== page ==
PARIS (Reuters) - French president-elect Nicolas Sarkozy disappeared on a retreat with his family on Monday to consider his government line-up and plot strategy for a crucial parliamentary election in June.
Sarkozy, a combative conservative, won a strong mandate for political and economic change by winning 53.06 percent of the vote in Sunday’s presidential run-off against 46.94 for Socialist Segolene Royal.
But he needs to secure a majority in the election for the National Assembly on June 10 and 17 to make good on his vows to loosen rigid labor laws, trim fat from the public service, cut taxes and restore full employment.
“We are going to see how we can give him the biggest parliamentary majority possible so he can put into effect his undertakings,” Defense Minister Michele Alliot-Marie told reporters outside Sarkozy’s campaign headquarters.
Sarkozy left Paris in the morning with his wife and son, after spending the night in a luxury hotel. They arrived unannounced on a private aircraft on the Mediterranean island of Malta, airport sources told Reuters on Monday.
“These few days rest were planned to put him more in the mindset of a president after the tumultuous battle,” said Claude Gueant, his campaign director.
“It will also be a few days to let him reflect on the make-up of his government team,” he told RTL radio.
His victory passed not without incident. On Monday night, between 300 and 400 youths who were chanting anti-Sarkozy slogans smashed shop windows and burnt at least 2 scooters at the historic Place de la Bastille in central Paris. There were several clashes between youths and police. More than 100 people were arrested.
Police used tear gas to disperse around 400 protestors in the western town of Nantes and french radio also reported several hundred protestors in the towns of Caen and Tours.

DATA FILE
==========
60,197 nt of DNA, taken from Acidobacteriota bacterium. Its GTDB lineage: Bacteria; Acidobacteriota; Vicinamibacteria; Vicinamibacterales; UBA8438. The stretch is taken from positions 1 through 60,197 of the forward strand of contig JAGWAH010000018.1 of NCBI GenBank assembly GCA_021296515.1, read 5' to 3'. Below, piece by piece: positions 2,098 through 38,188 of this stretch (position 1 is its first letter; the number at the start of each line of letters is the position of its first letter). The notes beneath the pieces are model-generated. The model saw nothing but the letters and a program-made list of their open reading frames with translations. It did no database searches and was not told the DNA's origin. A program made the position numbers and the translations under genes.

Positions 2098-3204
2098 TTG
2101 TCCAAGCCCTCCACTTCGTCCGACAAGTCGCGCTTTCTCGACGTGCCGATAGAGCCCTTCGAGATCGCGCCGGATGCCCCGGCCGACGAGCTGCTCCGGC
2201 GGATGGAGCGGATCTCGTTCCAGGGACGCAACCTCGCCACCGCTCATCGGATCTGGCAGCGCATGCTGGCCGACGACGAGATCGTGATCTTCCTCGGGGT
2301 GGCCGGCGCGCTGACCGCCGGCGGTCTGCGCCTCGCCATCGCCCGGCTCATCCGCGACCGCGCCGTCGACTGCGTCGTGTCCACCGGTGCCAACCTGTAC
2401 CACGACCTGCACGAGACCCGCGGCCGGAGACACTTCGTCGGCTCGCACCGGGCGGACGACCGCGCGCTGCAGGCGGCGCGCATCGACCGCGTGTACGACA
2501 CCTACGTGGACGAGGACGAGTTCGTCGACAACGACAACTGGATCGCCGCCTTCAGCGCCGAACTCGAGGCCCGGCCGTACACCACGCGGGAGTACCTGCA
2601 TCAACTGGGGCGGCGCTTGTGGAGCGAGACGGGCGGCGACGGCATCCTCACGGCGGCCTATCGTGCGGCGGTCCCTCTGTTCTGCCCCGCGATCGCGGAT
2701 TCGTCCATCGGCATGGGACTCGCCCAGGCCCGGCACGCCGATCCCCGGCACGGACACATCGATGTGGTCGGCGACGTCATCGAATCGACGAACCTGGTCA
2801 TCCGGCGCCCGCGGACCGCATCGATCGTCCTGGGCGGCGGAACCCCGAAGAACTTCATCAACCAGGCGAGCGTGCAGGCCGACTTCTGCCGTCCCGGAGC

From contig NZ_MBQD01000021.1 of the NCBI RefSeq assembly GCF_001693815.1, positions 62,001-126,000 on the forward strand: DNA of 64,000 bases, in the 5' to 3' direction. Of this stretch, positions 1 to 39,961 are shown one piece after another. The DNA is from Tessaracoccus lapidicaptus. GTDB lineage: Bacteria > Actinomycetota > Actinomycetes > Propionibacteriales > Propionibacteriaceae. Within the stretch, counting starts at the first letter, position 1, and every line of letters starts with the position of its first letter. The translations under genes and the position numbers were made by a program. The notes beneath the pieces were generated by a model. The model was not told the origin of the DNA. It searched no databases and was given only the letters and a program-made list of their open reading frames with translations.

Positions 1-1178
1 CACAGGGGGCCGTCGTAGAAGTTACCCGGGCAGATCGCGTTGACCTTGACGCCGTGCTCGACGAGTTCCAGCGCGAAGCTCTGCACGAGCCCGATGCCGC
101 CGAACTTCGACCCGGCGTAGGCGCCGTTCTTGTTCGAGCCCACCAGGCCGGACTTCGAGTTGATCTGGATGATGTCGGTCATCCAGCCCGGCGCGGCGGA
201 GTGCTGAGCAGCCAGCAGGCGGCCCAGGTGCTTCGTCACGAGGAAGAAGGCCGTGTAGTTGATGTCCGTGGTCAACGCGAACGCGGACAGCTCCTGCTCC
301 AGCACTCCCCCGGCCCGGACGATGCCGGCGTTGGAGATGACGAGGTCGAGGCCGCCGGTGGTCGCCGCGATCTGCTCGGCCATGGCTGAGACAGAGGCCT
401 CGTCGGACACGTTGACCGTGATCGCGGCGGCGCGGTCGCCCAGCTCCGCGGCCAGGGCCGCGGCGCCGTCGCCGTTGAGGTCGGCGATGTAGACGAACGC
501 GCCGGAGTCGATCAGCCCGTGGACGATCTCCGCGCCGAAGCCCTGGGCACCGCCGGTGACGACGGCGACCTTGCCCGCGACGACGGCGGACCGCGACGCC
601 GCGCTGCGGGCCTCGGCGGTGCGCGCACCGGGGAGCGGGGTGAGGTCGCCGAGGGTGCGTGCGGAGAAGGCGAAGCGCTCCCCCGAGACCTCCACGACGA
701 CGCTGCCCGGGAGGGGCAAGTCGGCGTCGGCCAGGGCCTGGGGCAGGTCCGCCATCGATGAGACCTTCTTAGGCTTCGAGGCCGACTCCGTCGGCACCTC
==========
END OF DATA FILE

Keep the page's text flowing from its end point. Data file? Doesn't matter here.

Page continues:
Police arrested 592 people overnight between Sunday and Monday after demonstrators set fire to 730 cars and injured 78 policemen in numerous incidents.
Sarkozy, the son of a Hungarian immigrant, will take office on May 16, succeeding President Jacques Chirac who is standing down after 12 years in power.
He is widely expected to appoint his closest political aide, Francois Fillon, as prime minister and name women to half the posts in a compact cabinet of just 15 ministers.
As the right prepared to extend their grip on power, France’s beaten Socialists looked to the future after suffering their third consecutive defeat at a presidential election.
The moderate wing shaped up for a fight with the left over the heart and soul of the party. But Socialist General Secretary Francois Hollande, who is the partner of Royal, called for a truce until after France’s election marathon ended in June.
“Today we have to lead the battle for the legislative election, with everyone on board. Afterwards we need to rebuild the left,” he told RTL radio.
A breakdown of the election results by pollsters IPSOS made sober reading for the Socialists, with Sarkozy winning backing from a majority of private sector workers, pensioners and the self-employed. Some 52 percent of women also voted for him.
Royal, who made a big play for the female vote, gained support from the unemployed and those aged under 25.
Sarkozy has promised a deluge of reforms in his first 100 days including plans to curb union powers, tighten sentencing for criminals and undermine the 35-hour work week, introduced by a previous leftist government, by cutting taxes on overtime.
Union leaders have denounced his proposals and France could face crippling strikes in the autumn of the sort that tripped Chirac when he took office in 1995 and tried to impose change.
“All attempt to pass things by force would backfire,” Jean-Claude Mailly, the secretary general of the Force Ouvriere union, said in a statement on Monday.
Foreign leaders rushed to congratulate Sarkozy and a White House spokesman said Washington looked forward to working with the new president following often frosty relations with Chirac, who was vehemently opposed to the U.S.-led invasion of Iraq.
Additional reporting by Crispian Balmer and Gerard Bon